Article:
Bacillus pumilus NUC-F (DQ833752) 99 Agricultural soil
e c o l o g i c a l e n g i n e e r i n g 3 5 ( 2 0 0 9 ) 744–753 749

Fig. 4 – DGGE analysis of 16 rRNA gene fragments of total bacterial population from samples of the root and substrate of
constructed wetlands planted with T. latifolia in different matrixes. (A) Gel image of root and substrate samples collected in
U1 in September 2004 (lanes 1 and 2), February 2005 (substrate, lane 4), June 2005 (lanes 5 and 6), July 2005 (lanes 7 and 8),
July 2006 (lanes 9 and 10), October 2006 (lanes 11 and 12) and (B) gel image of root and substrate samples collected in U2 in
February 2005 (lanes 19 and 20), June 2005 (lanes 21 and 22), July 2005 (lanes 23 and 24), July 2006 (lanes 25 and 26), October
2006 (lanes 27 and 28). A DNA marker (M) was included in all the gels to serve as control.

2003). A porous matrix, such as expanded clay, provides a at this point the wastewater organic loading was higher than
greater surface area for treatment contact and biofilm devel- at the outlet.
opment. Each substrate used here has different characteristics The number of CFU found in the vegetated units is within
in terms of pH, electrical conductivity, porosity, and organic the range of what has been published by Truu et al. (2005)
matter content. The higher organic matter content verified at for aerobic heterotrophic bacteria in horizontal subsurface
the inlet substrate of all units was attributed to the fact that flow CW for domestic wastewater treatment, filled with coarse

Table 2 – Number of bands and Shannon diversity (H) and equitability (E) indexes, calculated for the constructed
wetlands (CWs). U1: CW with Typha latifolia planted in Filtralite® MR 3–8; U2: CW with T. latifolia planted in fine gravel,
AGH 4–8; U3: CW with T. latifolia planted in Filtralite® NR 3–8; Uc: unvegetated unit with Filtralite® MR 3–8.
Samplesa U1 U2 U3 Uc

Nr bands H E Nr bands H E Nr bands H E Nr bands H E

Set R 04 35 1.40 0.91 n.d. n.d. n.d. n.d. n.d. n.d. n.a. n.a. n.a.
Set S 04 36 1.18 0.76 n.d. n.d. n.d. n.d. n.d. n.d. 17 0.82 0.66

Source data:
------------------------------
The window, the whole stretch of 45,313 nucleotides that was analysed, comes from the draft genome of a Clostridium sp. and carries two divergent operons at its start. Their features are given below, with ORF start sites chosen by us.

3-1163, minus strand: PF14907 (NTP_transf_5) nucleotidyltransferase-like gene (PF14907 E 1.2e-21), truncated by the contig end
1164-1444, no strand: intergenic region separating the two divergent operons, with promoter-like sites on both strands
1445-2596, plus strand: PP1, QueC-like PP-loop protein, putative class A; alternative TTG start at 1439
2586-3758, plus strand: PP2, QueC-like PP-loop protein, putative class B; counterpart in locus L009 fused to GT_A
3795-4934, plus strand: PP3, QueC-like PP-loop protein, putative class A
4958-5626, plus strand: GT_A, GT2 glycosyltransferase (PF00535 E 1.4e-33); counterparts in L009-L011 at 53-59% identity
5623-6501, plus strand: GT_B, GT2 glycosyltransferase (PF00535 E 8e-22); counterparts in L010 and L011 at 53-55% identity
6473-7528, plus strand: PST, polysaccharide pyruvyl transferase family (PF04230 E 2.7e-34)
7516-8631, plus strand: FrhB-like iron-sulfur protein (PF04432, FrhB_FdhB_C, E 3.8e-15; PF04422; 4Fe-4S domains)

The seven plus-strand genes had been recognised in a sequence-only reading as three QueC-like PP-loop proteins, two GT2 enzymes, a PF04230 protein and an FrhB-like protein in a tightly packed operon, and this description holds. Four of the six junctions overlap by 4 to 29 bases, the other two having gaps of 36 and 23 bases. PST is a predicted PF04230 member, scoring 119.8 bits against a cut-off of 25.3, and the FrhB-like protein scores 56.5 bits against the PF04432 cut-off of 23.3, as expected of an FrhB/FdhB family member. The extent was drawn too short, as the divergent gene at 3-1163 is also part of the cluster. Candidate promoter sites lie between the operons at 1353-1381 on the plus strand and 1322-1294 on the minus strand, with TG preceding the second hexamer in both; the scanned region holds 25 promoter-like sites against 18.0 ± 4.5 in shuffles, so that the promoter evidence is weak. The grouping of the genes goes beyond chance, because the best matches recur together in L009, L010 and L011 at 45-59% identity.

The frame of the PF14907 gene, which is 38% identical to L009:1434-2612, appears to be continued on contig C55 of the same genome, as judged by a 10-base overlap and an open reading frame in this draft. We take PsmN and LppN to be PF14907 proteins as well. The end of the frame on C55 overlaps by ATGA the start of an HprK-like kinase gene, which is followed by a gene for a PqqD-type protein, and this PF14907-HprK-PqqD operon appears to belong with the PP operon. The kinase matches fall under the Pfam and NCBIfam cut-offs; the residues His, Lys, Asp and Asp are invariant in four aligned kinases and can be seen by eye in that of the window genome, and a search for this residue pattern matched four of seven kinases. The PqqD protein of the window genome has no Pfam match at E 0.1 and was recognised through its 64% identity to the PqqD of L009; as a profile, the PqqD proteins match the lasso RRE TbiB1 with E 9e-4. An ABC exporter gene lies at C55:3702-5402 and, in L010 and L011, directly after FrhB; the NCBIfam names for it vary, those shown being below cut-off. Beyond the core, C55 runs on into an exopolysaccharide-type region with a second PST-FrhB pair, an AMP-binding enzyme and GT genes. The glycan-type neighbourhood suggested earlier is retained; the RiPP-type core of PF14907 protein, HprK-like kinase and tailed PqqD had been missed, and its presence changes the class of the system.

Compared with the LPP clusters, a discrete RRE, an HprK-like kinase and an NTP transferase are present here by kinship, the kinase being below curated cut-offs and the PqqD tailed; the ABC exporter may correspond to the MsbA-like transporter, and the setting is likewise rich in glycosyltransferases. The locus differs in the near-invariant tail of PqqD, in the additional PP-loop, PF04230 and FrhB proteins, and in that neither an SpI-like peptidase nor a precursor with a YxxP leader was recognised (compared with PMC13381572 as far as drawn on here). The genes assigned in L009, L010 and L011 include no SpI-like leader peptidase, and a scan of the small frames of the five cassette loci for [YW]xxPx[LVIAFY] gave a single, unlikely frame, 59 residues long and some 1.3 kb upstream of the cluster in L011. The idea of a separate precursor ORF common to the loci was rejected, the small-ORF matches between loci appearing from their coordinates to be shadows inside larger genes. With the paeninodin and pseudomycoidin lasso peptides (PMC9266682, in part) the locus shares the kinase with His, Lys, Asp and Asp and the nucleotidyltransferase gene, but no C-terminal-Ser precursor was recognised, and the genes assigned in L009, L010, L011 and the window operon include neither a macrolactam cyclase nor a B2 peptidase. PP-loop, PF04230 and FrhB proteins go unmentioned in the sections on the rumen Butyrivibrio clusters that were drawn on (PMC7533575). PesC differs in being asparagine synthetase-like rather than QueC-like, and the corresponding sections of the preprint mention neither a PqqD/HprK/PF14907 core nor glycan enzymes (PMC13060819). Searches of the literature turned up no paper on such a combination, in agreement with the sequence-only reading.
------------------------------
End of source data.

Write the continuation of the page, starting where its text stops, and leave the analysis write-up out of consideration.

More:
Feb R 05 n.d. n.d. n.d. 21 0.94 0.71 17 0.81 0.66 n.a. n.a. n.a.
Feb S 05 26 0.88 0.62 14 0.92 0.80 21 1.05 0.79 25 1.06 0.76
Jun R 05 29 1.02 0.70 22 1.18 0.88 24 1.09 0.79 n.a. n.a. n.a.
Jun S 05 30 1.01 0.68 27 1.20 0.84 22 1.05 0.78 23 1.00 0.74
Jul R 05 26 1.64 1.16 18 1.05 0.84 29 1.18 0.81 n.a. n.a. n.a.
Jul S 05 24 0.76 0.55 19 1.12 0.87 25 1.21 0.87 23 1.29 0.94
Sep S 05 n.d. n.d. n.d. n.d. n.d. n.d. n.d. n.d. n.d. 21 0.64 0.49
Jun S 06 n.d. n.d. n.d. n.d. n.d. n.d. n.d. n.d. n.d. 30 1.04 0.71
Jul R 06 22 1.13 0.84 22 1.16 0.86 35 1.30 0.84 n.a. n.a. n.a.
Jul S 06 21 0.94 0.71 25 1.13 0.80 35 1.23 0.80 30 1.02 0.69
Oct R 06 22 1.09 0.81 25 1.10 0.79 33 1.26 0.83 n.a. n.a. n.a.
Oct S 06 22 1.02 0.76 22 1.03 0.77 26 1.19 0.84 28 1.18 0.82

n.a., not applicable; n.d., not determined.

In samples collumn is presented the month, location (R: root or S: substrate) and year, that each sample was collected.
750 e c o l o g i c a l e n g i n e e r i n g 3 5 ( 2 0 0 9 ) 744–753

Fig. 5 – Cluster analysis of microbial communities generated by the analysis of DGGE 16S rRNA gene patterns representing
the genetic similarity of the microbial profiles acquired. Similarities were calculated using the Bray-Curtis measure. (A)
Cluster analysis of bacterial communities from U1 (Filtralite® MR 3–8 substrate), U2 (fine gravel: AGH 4–8 substrate) and U3
(Filtralite® NR 3–8 substrate). (B) Cluster analysis of bacterial communities from U1 and Uc (unvegetated control with
Filtralite® MR 3–8 substrate).

sand and dominated by Scirpus sylvaticus, Urtica dioica and in the future, to undertake anaerobic enumeration consid-
Epilobium hirsutum. The fact that there were no significant dif- ering the fact that the organic degradation can occur both
ferences in bacterial numbers between the substrate and the aerobically and anaerobically in the CW systems. Attempts
roots in unit U1 was attributed to the diffuse propagation of T. to evaluate the relative importance of different microbial
latifolia, since this unit was established for units longer than reactions on organic matter removal (in terms of COD), in hor-
U2 and U3. Significantly higher numbers of CFUs were fre- izontal subsurface flow CWs treating urban wastewater, have
quently found in the wastewater samples collected from the been carried out using a 2D simulation model (Ojeda et al.,
CWs outlet when compared to the inlet, which can be due to 2008). They indicated that the microbial anaerobic reactions